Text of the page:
Click the arrow to watch the opening session of the International Space Exploration Forum on YouTube. Video source: NASA.
U.S. government representatives addressed a global space forum January 8 in Washington, D.C., announcing that the Obama administration intends to extend the use of the International Space Station to at least 2024.
The International Space Exploration Forum is “the first-ever ministerial-level meeting to build support for global cooperation in space exploration” according to a U.S. State Department fact sheet. “ISEF will bring together Ministers and high-level officials from approximately thirty-five space-faring countries to talk about the opportunities and challenges they share. It will feature high-level, policy discussions about the future of space exploration, developments in robotic space exploration, extending humanity’s reach beyond low-Earth orbit, and the importance of international cooperation.”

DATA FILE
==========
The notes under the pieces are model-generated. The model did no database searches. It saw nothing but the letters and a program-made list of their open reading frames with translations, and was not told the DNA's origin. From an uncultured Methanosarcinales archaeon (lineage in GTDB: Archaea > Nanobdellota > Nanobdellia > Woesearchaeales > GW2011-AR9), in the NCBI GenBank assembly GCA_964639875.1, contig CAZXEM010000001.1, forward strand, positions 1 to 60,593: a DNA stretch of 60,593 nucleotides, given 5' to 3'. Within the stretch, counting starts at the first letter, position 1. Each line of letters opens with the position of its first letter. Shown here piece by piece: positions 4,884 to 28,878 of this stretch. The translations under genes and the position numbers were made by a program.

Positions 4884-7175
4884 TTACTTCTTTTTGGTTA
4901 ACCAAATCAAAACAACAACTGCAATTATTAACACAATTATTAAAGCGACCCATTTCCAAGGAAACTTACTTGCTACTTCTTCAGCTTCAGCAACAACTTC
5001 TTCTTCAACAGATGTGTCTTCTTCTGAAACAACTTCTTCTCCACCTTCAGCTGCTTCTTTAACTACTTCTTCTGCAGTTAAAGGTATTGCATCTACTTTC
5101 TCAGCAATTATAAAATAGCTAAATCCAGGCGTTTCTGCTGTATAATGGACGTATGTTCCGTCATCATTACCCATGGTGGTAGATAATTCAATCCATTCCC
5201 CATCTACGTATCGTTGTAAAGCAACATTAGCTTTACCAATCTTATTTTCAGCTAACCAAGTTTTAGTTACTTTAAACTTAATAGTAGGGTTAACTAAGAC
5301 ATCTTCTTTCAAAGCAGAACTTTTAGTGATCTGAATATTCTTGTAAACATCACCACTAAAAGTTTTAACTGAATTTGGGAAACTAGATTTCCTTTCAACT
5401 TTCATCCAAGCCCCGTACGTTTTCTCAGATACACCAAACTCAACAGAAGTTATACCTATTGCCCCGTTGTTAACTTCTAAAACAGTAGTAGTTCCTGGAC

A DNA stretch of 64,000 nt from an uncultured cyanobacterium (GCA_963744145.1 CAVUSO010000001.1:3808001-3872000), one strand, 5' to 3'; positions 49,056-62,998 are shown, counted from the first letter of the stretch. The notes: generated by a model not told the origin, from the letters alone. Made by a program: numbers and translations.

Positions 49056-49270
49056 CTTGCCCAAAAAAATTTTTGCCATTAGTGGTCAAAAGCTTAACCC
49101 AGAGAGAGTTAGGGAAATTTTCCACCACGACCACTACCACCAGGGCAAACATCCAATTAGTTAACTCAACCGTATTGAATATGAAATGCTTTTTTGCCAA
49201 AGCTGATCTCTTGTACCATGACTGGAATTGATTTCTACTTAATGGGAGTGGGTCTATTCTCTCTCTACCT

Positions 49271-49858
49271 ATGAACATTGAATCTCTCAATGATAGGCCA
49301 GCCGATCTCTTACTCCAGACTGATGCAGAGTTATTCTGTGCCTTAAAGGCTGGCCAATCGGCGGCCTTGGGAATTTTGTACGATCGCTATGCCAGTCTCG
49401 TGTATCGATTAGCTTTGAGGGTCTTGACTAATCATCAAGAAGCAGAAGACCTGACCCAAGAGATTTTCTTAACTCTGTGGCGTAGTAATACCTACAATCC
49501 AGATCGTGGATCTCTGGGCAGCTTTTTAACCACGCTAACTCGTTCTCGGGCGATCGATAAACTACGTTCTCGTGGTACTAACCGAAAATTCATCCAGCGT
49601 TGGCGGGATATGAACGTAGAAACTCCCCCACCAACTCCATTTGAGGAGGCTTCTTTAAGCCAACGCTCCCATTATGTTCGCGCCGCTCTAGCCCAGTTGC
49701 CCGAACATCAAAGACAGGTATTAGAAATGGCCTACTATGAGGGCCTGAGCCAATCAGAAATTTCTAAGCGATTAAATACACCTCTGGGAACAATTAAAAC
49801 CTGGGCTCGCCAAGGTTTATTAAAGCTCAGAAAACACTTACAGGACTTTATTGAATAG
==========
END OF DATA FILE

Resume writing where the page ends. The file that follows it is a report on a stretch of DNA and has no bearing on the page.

Among those 35 nations in attendance is the People's Republic of China, which is certain to outrage certain Sino-phobic members of Congress such as Rep. Frank Wolf (R-VA) who chairs the House Appropriations subcommittee that funds the NASA budget.
According to an Agence France-Presse report via Yahoo News:
While many countries already work together on space projects — including the $100-billion International Space Station (ISS) — the aim of Thursday's talks was to begin to set out guidelines for global cooperation for future efforts to explore deep into our solar system, and maybe even beyond.